TOKYO – A plan to release radioactive wastewater from the Fukushima Daiichi nuclear power station into the Pacific Ocean has been approved by Japan's nuclear authority.
Japan's Nuclear Regulation Authority (NRA) said on Wednesday that the plan will be officially approved once public opinions on the topic are heard.
The operator of the stricken plant, Tokyo Electric Power Company Holdings Inc. (TEPCO), will need permission from the communities that host the nuclear power complex before building of the discharge facilities can commence.
A major earthquake and ensuing tsunami knocked off the Fukushima Daiichi plant's key cooling operations in 2011, triggering a nuclear crisis not seen since Chernobyl in 1988.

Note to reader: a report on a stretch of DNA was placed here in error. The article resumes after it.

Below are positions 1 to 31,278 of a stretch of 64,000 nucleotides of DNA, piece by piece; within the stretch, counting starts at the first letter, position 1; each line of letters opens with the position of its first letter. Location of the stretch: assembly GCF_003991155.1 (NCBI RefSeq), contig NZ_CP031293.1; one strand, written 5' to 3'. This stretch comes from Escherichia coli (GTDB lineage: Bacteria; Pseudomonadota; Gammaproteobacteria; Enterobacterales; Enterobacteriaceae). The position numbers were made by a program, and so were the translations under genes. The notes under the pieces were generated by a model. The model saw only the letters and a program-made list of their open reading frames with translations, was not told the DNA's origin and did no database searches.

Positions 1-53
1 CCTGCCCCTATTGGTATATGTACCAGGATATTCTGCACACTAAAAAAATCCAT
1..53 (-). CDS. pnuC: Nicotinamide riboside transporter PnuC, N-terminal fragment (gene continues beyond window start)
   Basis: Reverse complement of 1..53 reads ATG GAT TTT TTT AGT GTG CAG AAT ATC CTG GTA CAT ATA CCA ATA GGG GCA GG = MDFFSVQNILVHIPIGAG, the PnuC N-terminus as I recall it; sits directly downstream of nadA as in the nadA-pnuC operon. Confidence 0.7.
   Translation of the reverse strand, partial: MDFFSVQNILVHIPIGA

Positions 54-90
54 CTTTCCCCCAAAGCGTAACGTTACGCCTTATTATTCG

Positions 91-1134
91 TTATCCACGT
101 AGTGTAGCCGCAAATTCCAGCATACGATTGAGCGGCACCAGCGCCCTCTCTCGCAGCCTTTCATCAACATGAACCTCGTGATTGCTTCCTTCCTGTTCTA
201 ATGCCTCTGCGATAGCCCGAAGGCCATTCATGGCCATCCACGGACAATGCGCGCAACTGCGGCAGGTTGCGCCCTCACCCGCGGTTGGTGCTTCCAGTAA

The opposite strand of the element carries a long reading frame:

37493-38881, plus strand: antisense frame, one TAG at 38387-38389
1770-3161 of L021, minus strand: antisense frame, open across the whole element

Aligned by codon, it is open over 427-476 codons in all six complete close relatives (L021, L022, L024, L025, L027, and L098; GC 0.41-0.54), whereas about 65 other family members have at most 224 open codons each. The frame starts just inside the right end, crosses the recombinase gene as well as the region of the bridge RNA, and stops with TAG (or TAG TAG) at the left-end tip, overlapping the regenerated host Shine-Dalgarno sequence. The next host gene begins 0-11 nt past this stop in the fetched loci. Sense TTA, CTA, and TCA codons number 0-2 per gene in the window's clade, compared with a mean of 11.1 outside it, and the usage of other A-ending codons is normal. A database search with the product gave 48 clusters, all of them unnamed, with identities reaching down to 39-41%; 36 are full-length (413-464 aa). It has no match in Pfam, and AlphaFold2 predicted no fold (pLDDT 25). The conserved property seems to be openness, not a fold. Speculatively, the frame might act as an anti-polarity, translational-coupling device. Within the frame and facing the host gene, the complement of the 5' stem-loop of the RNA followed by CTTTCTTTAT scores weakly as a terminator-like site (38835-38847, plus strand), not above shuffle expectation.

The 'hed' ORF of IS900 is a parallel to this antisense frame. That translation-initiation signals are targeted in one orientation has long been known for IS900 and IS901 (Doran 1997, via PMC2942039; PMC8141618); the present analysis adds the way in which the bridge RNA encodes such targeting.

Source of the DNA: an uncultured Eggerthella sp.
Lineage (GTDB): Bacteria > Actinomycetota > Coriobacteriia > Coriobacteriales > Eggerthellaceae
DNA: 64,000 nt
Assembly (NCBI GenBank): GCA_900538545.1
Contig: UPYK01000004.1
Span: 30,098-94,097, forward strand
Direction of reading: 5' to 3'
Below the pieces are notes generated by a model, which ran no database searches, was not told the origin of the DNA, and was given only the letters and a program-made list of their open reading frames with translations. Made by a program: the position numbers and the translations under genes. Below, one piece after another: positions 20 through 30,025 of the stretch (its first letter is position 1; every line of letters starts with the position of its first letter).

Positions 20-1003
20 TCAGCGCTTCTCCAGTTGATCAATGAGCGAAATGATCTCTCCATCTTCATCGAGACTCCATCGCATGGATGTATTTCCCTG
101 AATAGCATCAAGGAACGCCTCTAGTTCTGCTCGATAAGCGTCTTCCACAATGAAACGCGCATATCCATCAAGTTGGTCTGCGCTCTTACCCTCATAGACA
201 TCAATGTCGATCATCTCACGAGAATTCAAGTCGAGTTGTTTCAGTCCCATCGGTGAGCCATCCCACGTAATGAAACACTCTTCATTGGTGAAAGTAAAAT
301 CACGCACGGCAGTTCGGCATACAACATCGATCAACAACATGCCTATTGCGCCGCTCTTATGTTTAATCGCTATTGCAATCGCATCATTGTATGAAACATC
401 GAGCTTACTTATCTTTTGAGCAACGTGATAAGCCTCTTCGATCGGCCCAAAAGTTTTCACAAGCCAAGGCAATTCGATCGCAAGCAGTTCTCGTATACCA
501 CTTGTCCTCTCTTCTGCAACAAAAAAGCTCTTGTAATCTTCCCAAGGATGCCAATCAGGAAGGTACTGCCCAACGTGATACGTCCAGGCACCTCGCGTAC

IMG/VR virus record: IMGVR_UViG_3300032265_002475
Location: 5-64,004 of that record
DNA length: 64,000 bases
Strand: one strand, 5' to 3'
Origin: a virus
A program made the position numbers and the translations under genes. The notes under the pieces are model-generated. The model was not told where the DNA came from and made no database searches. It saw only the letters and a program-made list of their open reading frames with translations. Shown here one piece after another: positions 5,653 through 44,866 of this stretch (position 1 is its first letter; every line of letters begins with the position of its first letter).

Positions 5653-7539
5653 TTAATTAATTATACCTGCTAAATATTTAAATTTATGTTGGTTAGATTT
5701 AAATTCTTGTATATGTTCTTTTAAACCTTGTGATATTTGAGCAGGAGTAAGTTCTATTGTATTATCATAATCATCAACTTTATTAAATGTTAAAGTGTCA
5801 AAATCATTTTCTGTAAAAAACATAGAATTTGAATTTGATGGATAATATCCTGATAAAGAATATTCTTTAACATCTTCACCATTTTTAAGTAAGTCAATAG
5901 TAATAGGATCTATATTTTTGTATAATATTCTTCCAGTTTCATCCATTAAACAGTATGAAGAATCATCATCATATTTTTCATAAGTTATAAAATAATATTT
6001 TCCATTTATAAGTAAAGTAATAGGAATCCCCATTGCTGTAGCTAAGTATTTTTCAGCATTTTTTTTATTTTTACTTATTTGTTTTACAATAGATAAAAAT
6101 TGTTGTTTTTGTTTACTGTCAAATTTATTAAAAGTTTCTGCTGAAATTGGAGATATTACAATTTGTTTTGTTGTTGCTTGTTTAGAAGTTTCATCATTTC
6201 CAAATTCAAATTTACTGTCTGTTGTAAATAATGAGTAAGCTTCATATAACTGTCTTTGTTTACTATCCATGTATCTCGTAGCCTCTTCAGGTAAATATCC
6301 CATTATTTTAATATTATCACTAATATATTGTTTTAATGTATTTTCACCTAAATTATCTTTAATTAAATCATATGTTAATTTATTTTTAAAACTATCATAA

Water piped in to cool melted reactor fuel has accumulated at the complex since then, combining with precipitation and groundwater. The polluted water contains radioactive tritium, and the besieged site's water supply will soon be exhausted.
The government intends to dump the radioactive water into the Pacific Ocean through a tunnel under the seabed, around 1 kilometre from the crippled facility. Local fisheries and the international community are concerned about the contentious proposal, which is set to begin in the spring of 2023.
The Japanese fishing industry has spoken out against the initiative, claiming that it will almost surely tarnish the industry's already tarnished reputation.